The average Michigan resident dies seven months earlier than the national average. That may be partly because our residents have the 10th-highest rates of binge drinking and adult obesity, and the 11th-highest rate of smoking. We also have the 16th-highest rate of violent crime, though this rate has dropped more than 20 percent in the past decade.

Infrastructure is boring, until it is not

Who paid attention to old water lines before Flint? Turns out, Michigan utilities have an estimated 460,000 miles of lead service lines, trailing only two other states, according to an American Water Works Association survey. Gov. Snyder wants to pass the nation’s strictest regulations aimed at keeping lead and copper out of the water supplies; it’s an idea that could prove expensive.

Speaking of old, 2018 candidates will be talking about the Enbridge Line 5 oil pipeline that runs under the Straits of Mackinac. While the chances of an oil leak may be small, the environmental devastation of a large-scale spill would be devastating to the Great Lakes and Michigan’s tourism economy.

Related: Michigan's Great Lakes are good, but water concerns include lead and Line 5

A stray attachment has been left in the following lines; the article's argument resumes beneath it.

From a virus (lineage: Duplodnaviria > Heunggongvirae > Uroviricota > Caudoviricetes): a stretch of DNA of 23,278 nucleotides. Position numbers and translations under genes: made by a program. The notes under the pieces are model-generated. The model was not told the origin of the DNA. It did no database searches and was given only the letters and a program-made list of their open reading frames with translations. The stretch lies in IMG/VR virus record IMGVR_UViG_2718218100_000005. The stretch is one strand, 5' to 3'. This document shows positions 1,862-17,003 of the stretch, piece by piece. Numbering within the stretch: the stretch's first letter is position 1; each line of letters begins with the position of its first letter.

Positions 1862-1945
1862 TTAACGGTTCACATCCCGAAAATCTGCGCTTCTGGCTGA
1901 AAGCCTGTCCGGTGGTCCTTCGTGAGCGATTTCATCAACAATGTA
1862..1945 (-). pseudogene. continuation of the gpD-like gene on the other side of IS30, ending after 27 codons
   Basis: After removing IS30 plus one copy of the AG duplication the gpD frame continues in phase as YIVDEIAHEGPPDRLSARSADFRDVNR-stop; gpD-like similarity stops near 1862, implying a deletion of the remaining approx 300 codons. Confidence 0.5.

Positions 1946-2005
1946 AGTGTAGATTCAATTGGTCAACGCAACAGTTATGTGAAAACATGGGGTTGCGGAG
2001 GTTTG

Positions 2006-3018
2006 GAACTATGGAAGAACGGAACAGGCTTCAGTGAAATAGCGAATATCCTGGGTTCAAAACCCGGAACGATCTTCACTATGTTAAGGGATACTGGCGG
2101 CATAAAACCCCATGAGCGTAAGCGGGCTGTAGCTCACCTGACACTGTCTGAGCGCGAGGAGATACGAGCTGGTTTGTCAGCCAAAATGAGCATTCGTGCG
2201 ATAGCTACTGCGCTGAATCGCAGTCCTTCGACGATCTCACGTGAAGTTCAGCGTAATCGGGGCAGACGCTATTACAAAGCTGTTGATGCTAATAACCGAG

The state’s aging network of sewer systems is probably not the first item on any politician’s campaign platform. But its current state means billions of gallons of untreated or partially treated sewage flowing into rivers and lakes every year. And the state has flagged more than two dozen sites where toxic chemicals, known collectively as PFAS, have been found. That includes shoemaker Wolverine Worldwide’s contamination of drinking water in Kent County, where folks worry about cancer risks.

And there’s the small matter of paying for our crumbling roads, bridges, water and sewer systems, and communications infrastructure. According to a governor-appointed commission, that will cost Michigan at least $4 billion more each year for decades. How to pay for it? Where will the state revenue come from?

Taxes? What taxes?

If wealth is going to trickle down anyplace, it should be here – Michigan’s business tax burden (as a share of the total state economy) is tied for lowest in the country.

Residents aren’t overtaxed, either, compared with residents of other states. Michigan residents paid $3,744 per capita in state and local taxes in 2014. That’s 17th lowest in the nation. That’s context to consider as Snyder resists  higher tax cuts proposed by the Michigan Legislature.

Related: Michigan gives more tax breaks than it collects for schools, government
Related: Big government? Michigan's state, local workforce 2nd smallest in nation

State government spending is up about 10 percent since 2010-11. But while “cutting fat” in government sounds good, it may be tough to do. In 2014, Michigan had the second-lowest ratio in the nation of state and local government employees to general population. We are spending more on roads now, but we still fall $4 billion per year short of what experts say is needed for infrastructure maintenance.